Proper specimen collection and handling is critical for optimizing the sensitivity of darkfield testing. The clinician should gently cleanse and abrade the lesion with moist gauze, while trying not to cause bleeding. The goal is to obtain serous exudate, while minimizing contamination by blood or pus caused by secondary infection. The clinician might need to apply pressure at the margins of the lesion to express adequate serous fluid. The clinician transfers the serous fluid to a glass slide, either by direct application of the slide to the lesion, or by transferring the fluid with a bacteriologic loop or the edge of a cover slip. If necessary to prevent drying of the specimen, a drop of non-bacteriostatic normal saline may be placed on the slide; however, the saline might dilute the specimen and reduce test sensitivity. The clinician places a cover slip on top of the specimen. A trained microscopist then examines the specimen as soon as possible, no greater than 20 minutes after specimen collection. Placing the slide in a closed container such as a Petri dish during transport to the microscope might reduce evaporative drying.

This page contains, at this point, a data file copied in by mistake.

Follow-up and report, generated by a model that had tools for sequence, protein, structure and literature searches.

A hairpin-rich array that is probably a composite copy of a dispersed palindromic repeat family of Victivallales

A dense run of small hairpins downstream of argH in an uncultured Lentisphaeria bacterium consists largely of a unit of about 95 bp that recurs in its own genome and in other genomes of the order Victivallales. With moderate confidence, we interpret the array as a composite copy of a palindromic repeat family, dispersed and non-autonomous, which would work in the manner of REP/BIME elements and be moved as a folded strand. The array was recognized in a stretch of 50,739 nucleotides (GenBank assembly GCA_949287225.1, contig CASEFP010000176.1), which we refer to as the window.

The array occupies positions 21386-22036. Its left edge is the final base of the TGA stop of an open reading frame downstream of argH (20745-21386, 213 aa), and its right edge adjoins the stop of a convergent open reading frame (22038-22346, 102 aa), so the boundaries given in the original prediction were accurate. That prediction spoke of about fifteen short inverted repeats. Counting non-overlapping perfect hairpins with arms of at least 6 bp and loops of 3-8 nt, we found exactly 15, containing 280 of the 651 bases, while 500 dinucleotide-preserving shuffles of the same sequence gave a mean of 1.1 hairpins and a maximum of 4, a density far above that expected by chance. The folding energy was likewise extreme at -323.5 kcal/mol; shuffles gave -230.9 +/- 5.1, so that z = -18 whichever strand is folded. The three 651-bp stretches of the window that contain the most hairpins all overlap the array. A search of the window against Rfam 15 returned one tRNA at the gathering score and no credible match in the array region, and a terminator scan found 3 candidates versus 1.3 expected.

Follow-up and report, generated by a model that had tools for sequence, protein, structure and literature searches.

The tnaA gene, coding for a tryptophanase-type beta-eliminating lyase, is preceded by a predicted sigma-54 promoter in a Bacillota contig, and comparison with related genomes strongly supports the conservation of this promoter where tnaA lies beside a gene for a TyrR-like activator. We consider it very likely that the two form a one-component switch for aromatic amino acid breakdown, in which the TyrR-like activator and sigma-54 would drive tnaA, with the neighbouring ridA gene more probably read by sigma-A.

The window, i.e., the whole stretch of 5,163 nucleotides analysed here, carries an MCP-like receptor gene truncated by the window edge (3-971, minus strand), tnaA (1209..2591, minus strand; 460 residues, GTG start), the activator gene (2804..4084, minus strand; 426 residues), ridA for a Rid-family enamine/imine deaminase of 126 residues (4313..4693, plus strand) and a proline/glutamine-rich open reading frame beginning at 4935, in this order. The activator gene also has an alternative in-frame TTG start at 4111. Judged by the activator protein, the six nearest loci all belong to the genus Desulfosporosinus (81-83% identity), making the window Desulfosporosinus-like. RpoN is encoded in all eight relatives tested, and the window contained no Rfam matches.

Definitive identification of T pallidum depends on visualizing not only its typical morphology but also its typical motility. T pallidum is a delicate, tightly spiraled, corkscrew-shaped organism that rotates as it slowly moves backwards and forwards (translational movement); these movements are sometimes accompanied by a slight side-to-side oscillation. T pallidum will occasionally flex or bend sharply in the middle when obstructed by cellular elements or debris in the field but then spring back to its usual linear shape. In the genital region, Treponema refringens, which is part of the normal genital flora, can be distinguished from T pallidum by T refringens’ more coarsely wound spirals, greater flexibility, and rapid translational movement across the slide. In addition, the less experienced observer must guard against misidentifying Brownian movement of fibers or other linear debris as T pallidum.

After a methodical scanning of the entire specimen field of each slide, results are reported as one of the following:

Positive darkfield: Organisms with the characteristic morphology and motility of T pallidum observed